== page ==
We have put together 10 minutes of an interesting read for you to enjoy, here it is:
Hackers responsible for cracking the Australian National University’s network
It took just the opening one email to crack the Australian National University’s network, giving sophisticated hackers access to a wealth of information, the email was sent to a senior staff member at the Australian National University (ANU) in November last year. A person working closely with that staff member previewed the email before deleting it — but it was too late.
Merely previewing the email was enough for hackers to steal a username and password that opened the first door into the ANU network.
This wasn’t the first time ANU had been hacked. An earlier cyber attack in 2018 had given ANU what its leader called a “wakeup call”, but that awakening ultimately failed to protect the university from what came next.
ANU vice-chancellor Brian Schmidt noted the report found less information was taken than initially feared but said he was still "stunned" by the incident and apologised to students, staff and alumni.
“It was an extremely sophisticated operation … they were on a mission … the A-team was clearly brought in in this case,”
Information taken from www.news.com.au, read the rest of the report here.
All over the world, including the academic sector, cyber criminals are becoming more sophisticated at attempting to steal your data. However in this case it took one simple email.
Staying safe online is easier than you think, find out how to create strong passwords and much, much more here.
If you are concerned about a suspicious email you have received then contact us straight away, even if you are unsure it is worth dropping us an email: email@example.com.
News from the NCSC weekly threat report
Esports tournaments at risk from cyber security threats
Cyber security researchers have warned of the increasing threat to the Esports industry.
This week Trend Micro issued a report, Cheats, Hacks and Cyber attacks, looking at the threats posed to professional online games, tournaments and game companies.
According to the report, there’s “no doubt” the industry will be targeted by malicious actors including:
- Unscrupulous players looking for advantages over their competitors, creating a market for game cheats in the underground
- Hackers looking to profit by targeting vulnerable players, push targeted malware, launch distributed-denial-of-service (DDoS) attacks against tournaments and more
- Other types of threat actors looking to use Esports platforms for political or ideological reasons
The NCSC has published advice and guidance on how to enjoy online gaming securely. With an estimated 1.2 billion of us regularly logging on, signing up and playing online games, we recommend you follow these simple steps to ensure your safety.
A simple Android flaw left a billion phones open to phishing attacks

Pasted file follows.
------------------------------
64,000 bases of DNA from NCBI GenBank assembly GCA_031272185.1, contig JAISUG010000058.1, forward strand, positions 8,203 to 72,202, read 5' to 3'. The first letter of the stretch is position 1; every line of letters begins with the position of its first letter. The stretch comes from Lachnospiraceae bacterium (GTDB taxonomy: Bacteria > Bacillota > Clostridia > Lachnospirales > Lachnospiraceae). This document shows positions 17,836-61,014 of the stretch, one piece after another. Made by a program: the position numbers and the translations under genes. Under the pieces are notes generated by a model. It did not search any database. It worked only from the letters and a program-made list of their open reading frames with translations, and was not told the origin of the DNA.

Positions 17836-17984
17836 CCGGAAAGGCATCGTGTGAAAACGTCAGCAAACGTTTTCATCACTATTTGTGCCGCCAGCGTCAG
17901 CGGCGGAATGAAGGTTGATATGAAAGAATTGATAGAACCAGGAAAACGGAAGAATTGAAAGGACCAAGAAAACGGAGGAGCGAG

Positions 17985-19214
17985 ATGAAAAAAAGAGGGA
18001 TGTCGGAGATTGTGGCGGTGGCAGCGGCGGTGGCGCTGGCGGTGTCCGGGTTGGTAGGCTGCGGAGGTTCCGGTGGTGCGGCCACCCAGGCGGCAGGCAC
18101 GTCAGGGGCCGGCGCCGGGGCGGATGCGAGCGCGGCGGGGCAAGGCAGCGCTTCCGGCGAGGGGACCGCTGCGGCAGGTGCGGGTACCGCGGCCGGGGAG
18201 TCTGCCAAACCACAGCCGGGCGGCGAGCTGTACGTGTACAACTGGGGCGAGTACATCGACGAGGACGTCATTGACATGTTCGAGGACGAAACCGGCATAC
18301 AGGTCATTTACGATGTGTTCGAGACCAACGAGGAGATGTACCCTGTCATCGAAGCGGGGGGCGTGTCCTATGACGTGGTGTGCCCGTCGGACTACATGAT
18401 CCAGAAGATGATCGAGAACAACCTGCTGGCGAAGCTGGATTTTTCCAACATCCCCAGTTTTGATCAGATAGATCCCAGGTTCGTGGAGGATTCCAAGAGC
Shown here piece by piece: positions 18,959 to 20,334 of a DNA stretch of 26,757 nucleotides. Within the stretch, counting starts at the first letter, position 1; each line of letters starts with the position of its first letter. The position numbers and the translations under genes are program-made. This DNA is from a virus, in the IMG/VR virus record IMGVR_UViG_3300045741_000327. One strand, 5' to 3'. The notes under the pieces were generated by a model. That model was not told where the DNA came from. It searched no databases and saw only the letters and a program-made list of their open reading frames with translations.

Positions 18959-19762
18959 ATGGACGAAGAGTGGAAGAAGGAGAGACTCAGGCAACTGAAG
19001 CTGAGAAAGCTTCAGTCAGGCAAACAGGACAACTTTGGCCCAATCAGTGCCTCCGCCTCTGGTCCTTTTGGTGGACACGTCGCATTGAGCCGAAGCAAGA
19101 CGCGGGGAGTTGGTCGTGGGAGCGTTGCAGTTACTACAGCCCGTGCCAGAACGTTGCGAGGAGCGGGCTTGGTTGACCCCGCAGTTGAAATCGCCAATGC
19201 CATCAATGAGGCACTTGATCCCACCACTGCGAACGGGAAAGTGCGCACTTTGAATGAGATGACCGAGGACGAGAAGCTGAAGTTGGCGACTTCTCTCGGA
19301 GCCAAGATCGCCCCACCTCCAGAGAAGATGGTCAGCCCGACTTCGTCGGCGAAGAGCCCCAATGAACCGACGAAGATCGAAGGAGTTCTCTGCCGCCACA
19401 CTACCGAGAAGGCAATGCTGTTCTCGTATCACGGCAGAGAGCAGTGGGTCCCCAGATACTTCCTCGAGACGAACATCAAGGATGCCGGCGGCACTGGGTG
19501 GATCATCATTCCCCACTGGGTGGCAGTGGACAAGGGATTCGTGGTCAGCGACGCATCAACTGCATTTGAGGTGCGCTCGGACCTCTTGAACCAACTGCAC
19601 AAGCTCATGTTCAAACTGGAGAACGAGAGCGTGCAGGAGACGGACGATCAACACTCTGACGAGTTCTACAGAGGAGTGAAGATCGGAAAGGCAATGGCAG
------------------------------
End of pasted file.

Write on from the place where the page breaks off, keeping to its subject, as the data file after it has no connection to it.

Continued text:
Check Point researchers recently discovered a vulnerability to advanced phishing attacks in a wide variety of Android phones, including models by Samsung, Huawei, LG and Sony, which account for more than 50 percent of the Android market).
In these attacks, a remote agent can trick users into accepting new phone settings that could route all internet traffic through a proxy controlled by an attacker.
The vulnerability relies on a process called over-the-air (OTA) provisioning, which is normally used by cellular network operators to deploy network-specific settings to a new phone joining their network. You may not be familiar with the term OTA provisioning, but you most certainly have seen those SMS messages coming from operators you receive when crossing the borders of a country and landing in a foreign airport, or when changing mobile carriers. These messages are triggered when OTA provisioning occurs.
The vulnerability lies within this process. Because the industry standard for OTA provisioning – the Open Mobile Alliance Client Provisioning (OMA CP) – has limited authentication methods a recipient cannot verify whether the suggested settings originate from his network operator or from a threat actor.
The vulnerable Android devices allow users to receive malicious settings and cannot verify whether the proxy the user is connecting to, is the operator’s or a hacker performing a Man-in-the-Middle attack.Most users wouldn’t hesitate to click on a link delivered by a carrier’s SMS message telling them to configure their device to activate a data plan. Now imagine if it isn’t the carrier, but a hacker on the other end of the link
Check Point disclosed these findings to the affected vendors in March. Samsung included a fix addressing this phishing flow in their Security Maintenance Release for May (SVE-2019-14073). LG released their fix in July (LVE-SMP-190006). Huawei is planning to include UI fixes for OMA CP in the next generation of Mate series or P series smartphones. Sony refused to acknowledge the vulnerability, stating that their devices follow the OMA CP specification. OMA is tracking this issue as OPEN-7587.